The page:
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Guide to Bullying Prevention

Bullying among children is a serious problem that is far too often written off as a rite of passage, or as "kids being kids." It is, however, a very dangerous form of aggression that causes injuries, fear, embarrassment, reduced self-esteem, and depression in the victim. From the slide to the swing sets, studies have shown that bullying occurs on the playground as often as every seven minutes. Some playground features, such as the Buddy Bench, are designed to offer some relief to bullying and instead bring kids together.

In the classroom, a child is bullied every twenty-five minutes. Even the Internet has turned into an instrument of aggression in the form of cyberbullying, which can take place at any time, day or night. Whether it occurs on the playground swings, in the classroom, or online, bullying can become so severe that some children may avoid going to school out of fear or embarrassment. In the most extreme cases, children have even committed suicide as a means to escape it. Despite its severity, little is done to put a stop it when it takes place. According to the National School Climate Center, eighty-five percent of the time there is no intervention from either other children or adults. Parents who understand bullying and the effect that it has on kids can make strides to prevent it from occurring.

What Does it Mean to Be a Bully, and What Do They Do?

When a person repeatedly and intentionally sets out to injure, traumatize, or demoralize another person, he or she is considered a bully. Hitting, kicking, spitting, pushing, and other form of aggressive physical contact are actions that are most recognizable as the actions of a bully. In addition, a bully may use words to embarrass or threaten his or her victim. Courtesy of the Internet and cellphones, written words in the form of text messages or posts on social networking sites may also be used to intimidate others. In some instances, neither words or physical contact is needed. The Internet may be used to spread embarrassing images or videos to classmates, or passive-aggressive tactics such as silence may be employed.

How to Recognize Bullying

Because children often do not tell their parents that they are victims of bullying, it is important that parents pay attention to any potential signs. This may not be as simple as it seems as signs of bullying are varied, with some more obvious than others. Bruises are the most obvious and visible indications that a child is the victim of a bully. For this reason, parents should both look for and question the presence of bruises. In addition to bruises, bullied children may have ripped clothing and also claim to lose lunch money or other belongings. A child who becomes moody, less talkative, isolates his or herself, or begins to have frequent emotional outbursts, may also be suffering at the hands of a bully. Oversleeping, an inability to sleep, or recurring nightmares all indicate some potential form of emotional distress. Because kids will want to avoid the bully or bullies as much as possible, they may suddenly claim illnesses that are difficult to verify in order to avoid going to school.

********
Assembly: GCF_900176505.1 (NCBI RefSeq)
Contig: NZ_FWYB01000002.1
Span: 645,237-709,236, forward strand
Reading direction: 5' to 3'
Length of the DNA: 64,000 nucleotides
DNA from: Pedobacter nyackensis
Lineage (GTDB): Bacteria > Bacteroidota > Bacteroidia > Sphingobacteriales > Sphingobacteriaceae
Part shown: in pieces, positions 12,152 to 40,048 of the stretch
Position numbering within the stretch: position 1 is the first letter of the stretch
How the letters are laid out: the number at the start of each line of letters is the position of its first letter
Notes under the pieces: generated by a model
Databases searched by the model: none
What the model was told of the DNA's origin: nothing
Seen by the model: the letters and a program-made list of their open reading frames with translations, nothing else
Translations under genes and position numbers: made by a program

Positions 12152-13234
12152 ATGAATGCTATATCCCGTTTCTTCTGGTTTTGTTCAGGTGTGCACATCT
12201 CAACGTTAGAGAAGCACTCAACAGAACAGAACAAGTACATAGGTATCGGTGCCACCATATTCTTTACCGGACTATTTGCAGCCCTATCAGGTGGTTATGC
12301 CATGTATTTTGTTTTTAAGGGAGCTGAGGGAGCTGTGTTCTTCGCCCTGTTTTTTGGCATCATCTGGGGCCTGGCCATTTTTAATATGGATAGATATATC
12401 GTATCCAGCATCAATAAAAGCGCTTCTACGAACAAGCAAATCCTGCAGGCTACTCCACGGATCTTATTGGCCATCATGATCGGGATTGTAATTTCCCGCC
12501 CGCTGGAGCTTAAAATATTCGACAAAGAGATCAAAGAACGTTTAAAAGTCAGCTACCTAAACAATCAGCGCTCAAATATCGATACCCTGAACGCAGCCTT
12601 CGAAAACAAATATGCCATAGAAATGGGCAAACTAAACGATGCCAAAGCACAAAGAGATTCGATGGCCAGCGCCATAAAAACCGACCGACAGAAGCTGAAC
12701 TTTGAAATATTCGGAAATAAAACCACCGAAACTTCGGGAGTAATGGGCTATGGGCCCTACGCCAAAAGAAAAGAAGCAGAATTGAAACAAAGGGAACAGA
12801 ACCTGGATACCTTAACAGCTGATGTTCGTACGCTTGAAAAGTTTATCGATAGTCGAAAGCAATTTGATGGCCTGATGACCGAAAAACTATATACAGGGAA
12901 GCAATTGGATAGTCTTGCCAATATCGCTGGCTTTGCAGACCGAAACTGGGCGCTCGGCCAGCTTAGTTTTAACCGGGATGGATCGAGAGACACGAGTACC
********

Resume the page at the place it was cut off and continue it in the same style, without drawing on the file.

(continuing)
Putting a Stop to Bullying

If a child is the victim of bullying, his or her parent will want to put a stop to it as quickly as possible. Unfortunately, kids often do not tell that they are being bullied and when they do it is with difficulty. For this reason, parents will want to be supportive and comforting when discussing the topic. Parents who suspect bullying should sit down with their children and ask if there are any problems that the child wants to share. When a child voluntarily tells his or her parents about being bullied, it is critical that it is not marginalized or treated as unimportant. The more accepting and willing parents are to listen to their children, the more comfortable their children will feel talking to them. It is important that parents get as much information about the bullying as possible. They will want to know who the bully is, how their child is being bullied and how frequently, and what the school has done to stop it. The next step is to discuss ways to avoid the bully, such as never being alone, being more assertive, or ignoring the bully. Parents will also need to speak with their child's teachers or school administrator about the incident about what can be done to stop the behavior. At no point, however, should parents approach the bully directly. Speaking to the bully's parents may be necessary if the school is unable to stop it. Another option is to check out the state's anti-bullying laws, particularly when violence, or embarrassing pictures or videos are involved, as legal action may be necessary.

Find more about the author: Kim Hart

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